As the heirs of a secular revolution, American atheists have a special responsibility to defend and uphold the Constitution that patrols the boundary between Church and State. This, too, is an honor and a privilege. Believe me when I say that I am present with you, even if not corporeally (and only metaphorically in spirit…) Resolve to build up Mr Jefferson’s wall of separation. And don’t keep the faith.
Let me get this video straight. Christianity is dying. Why? Because Christians are not having enough kids.
Combine that claim with a barrage of accusations that secular society is prizing “prosperity” over children, and I can’t help but to post a response. Let’s make the facts clear:
A. You don’t get points by having more children.
Seriously. Being fruitful and multiplying is precisely the problems that have plagued so many nations.
B. Children are not mindless robots who should be indoctrinated into the religion of their parents.
It’s very disturbing the way people talk about children who either haven’t yet been born or are way too young to be able to decide their own religious beliefs. It’s very disturbing to hear children being labeled like that, as Muslims or as Christians or even as atheists. Why shouldn’t children be taught about every major religion and be expected to choose their own beliefs?
C. Society will not go back to the days when women were baby factories.
Believe it or not, but in free and prosperous societies–societies that you think devalue children–people (and especially women) can choose their own reproductive destinies. They can choose to pursue their dreams, their careers, their own lifestyle. They don’t have to get married at all. There are people who think that there’s something wrong with this, but there isn’t.
D. You have no idea why Christianity is dying in America.
Religion is dying in places like America because more and more people are speaking out against its innate absurdities. Improvements in science and education have hurt the claims of the religious. The world is also becoming more interconnected, and people can access information much more easily from many different sources. This free marketplace of ideas is precisely the environment in which religion does not thrive.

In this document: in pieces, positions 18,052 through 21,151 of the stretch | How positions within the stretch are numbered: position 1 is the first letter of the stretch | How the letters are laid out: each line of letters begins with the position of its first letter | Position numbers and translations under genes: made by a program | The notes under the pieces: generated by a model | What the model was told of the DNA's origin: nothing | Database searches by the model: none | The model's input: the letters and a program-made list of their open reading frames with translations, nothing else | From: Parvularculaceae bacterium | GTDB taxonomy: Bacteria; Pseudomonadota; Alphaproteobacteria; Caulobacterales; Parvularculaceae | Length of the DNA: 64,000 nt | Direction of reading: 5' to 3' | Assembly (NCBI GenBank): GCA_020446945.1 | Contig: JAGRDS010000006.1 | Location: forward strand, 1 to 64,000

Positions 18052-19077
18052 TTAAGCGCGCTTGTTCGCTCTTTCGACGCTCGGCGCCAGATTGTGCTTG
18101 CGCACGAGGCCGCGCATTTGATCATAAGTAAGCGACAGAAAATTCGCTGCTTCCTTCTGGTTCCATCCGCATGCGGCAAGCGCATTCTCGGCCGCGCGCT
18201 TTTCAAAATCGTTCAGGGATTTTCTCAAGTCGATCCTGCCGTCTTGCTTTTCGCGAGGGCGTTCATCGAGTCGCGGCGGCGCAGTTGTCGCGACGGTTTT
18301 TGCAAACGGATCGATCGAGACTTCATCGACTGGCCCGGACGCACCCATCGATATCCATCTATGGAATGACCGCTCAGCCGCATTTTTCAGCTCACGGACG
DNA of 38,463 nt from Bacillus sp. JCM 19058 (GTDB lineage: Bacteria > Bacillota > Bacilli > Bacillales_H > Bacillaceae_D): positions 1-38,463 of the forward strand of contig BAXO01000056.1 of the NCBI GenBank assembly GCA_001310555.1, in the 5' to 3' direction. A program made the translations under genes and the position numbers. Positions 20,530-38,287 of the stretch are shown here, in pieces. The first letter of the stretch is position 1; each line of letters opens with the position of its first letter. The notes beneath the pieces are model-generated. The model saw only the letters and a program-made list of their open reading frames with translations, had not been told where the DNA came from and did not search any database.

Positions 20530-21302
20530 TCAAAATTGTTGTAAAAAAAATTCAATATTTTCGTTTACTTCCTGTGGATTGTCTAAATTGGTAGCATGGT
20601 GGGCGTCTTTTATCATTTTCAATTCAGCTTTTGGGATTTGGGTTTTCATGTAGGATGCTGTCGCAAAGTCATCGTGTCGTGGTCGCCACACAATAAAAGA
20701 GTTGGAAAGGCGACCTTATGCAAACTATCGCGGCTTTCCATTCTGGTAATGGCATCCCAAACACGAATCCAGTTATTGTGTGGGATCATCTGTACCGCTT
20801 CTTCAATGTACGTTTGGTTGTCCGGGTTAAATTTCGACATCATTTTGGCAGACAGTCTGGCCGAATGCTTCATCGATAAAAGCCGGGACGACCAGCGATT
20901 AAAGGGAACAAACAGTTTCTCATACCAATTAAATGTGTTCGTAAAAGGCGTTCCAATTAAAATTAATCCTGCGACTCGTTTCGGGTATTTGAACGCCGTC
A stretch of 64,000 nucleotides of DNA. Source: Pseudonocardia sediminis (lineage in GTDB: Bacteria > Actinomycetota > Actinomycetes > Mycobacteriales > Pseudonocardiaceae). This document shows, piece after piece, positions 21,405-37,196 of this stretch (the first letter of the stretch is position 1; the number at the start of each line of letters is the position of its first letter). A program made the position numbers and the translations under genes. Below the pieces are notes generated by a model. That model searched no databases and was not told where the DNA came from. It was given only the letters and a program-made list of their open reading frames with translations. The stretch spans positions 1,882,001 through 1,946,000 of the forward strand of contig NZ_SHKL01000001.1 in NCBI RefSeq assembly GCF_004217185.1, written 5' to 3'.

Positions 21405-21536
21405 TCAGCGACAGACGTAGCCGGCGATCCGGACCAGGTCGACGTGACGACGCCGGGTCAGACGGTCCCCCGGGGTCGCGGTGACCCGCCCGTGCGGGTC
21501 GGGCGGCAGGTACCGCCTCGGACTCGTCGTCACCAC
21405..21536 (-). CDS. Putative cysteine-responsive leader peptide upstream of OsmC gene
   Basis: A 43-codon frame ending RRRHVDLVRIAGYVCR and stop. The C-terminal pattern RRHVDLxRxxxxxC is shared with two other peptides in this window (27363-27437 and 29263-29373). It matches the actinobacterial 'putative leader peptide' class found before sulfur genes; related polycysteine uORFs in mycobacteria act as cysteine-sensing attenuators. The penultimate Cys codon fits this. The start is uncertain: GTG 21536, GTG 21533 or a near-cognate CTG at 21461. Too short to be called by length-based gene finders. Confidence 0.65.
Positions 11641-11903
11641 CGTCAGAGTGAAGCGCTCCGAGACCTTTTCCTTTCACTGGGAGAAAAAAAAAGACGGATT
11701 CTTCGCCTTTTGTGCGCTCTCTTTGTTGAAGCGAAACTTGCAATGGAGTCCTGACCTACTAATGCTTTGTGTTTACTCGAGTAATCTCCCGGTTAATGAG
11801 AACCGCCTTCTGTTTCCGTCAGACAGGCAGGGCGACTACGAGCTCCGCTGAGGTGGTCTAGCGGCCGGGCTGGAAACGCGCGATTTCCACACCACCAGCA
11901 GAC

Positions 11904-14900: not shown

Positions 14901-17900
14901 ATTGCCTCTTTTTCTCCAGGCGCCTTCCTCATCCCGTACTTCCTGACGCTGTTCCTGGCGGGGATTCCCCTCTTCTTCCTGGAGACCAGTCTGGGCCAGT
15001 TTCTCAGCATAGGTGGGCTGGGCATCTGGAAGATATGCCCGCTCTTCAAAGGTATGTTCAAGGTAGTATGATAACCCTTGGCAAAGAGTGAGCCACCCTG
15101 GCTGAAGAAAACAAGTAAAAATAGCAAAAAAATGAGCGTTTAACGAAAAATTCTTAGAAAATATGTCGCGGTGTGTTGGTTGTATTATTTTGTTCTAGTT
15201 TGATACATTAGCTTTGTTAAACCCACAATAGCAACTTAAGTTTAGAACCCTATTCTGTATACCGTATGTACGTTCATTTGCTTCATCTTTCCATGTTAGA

E. If you want to spread Christianity, you should give reasonable arguments and evidence.
Having more kids to indoctrinate is precisely the tactic you use when you realize you are losing the argument on the basis of evidence and reason.
The sad thing is that the people who heard that sermon probably nodded and agreed wholeheartedly. After all, what can we expect from people who have been told to obey and to act like sheep?
Carl Sagan showed us that in this demon-haunted world–a world of endless divisions, hatreds, and superstitions– we are all sitting on a pale blue dot, a mere momentary speck of sand in a universe full of stars. He challenged us to be reasonable and kind to each other, and he taught us that science is the brightest candle we can hold to the darkness of human conceits and biases.
Earth Day is a day when we should recognize that we need to keep this planet in order, not just environmentally but politically, economically, and socially. We need to keep Carl Sagan’s dream alive. And if the day ever comes that we discover that there is more to life than in our little corner on Earth, we’ll remember that Sagan knew it all along.
Half of this video is filled with the same old Pat Robertson (he’s actually in the video) nonsense. These mistaken ideas include:
a) Majority always rules.
b) America is a Christian nation.
c) “In God We Trust” and “Under God” have always existed.
d) The Founding Fathers were Christians and were motivated by Christianity.
e) The “Creator” in the Declaration of Independence refers to the Christian deity.
f) The Ten Commandments is a good framework for morality.
If you suffer from any of the delusions above, I suggest starting to read about American history. You can start with the writings of the Founding Fathers, especially those of Thomas Jefferson, who actually drafted the Declaration of Independence. You can also read the entire Constitution, the very document that made this country. You can also read about the Red Scare (and the events that led to edits to the Pledge of Allegiance). You should also read the Ten Commandments and then try to explain how the first three commandments have anything to do with morality.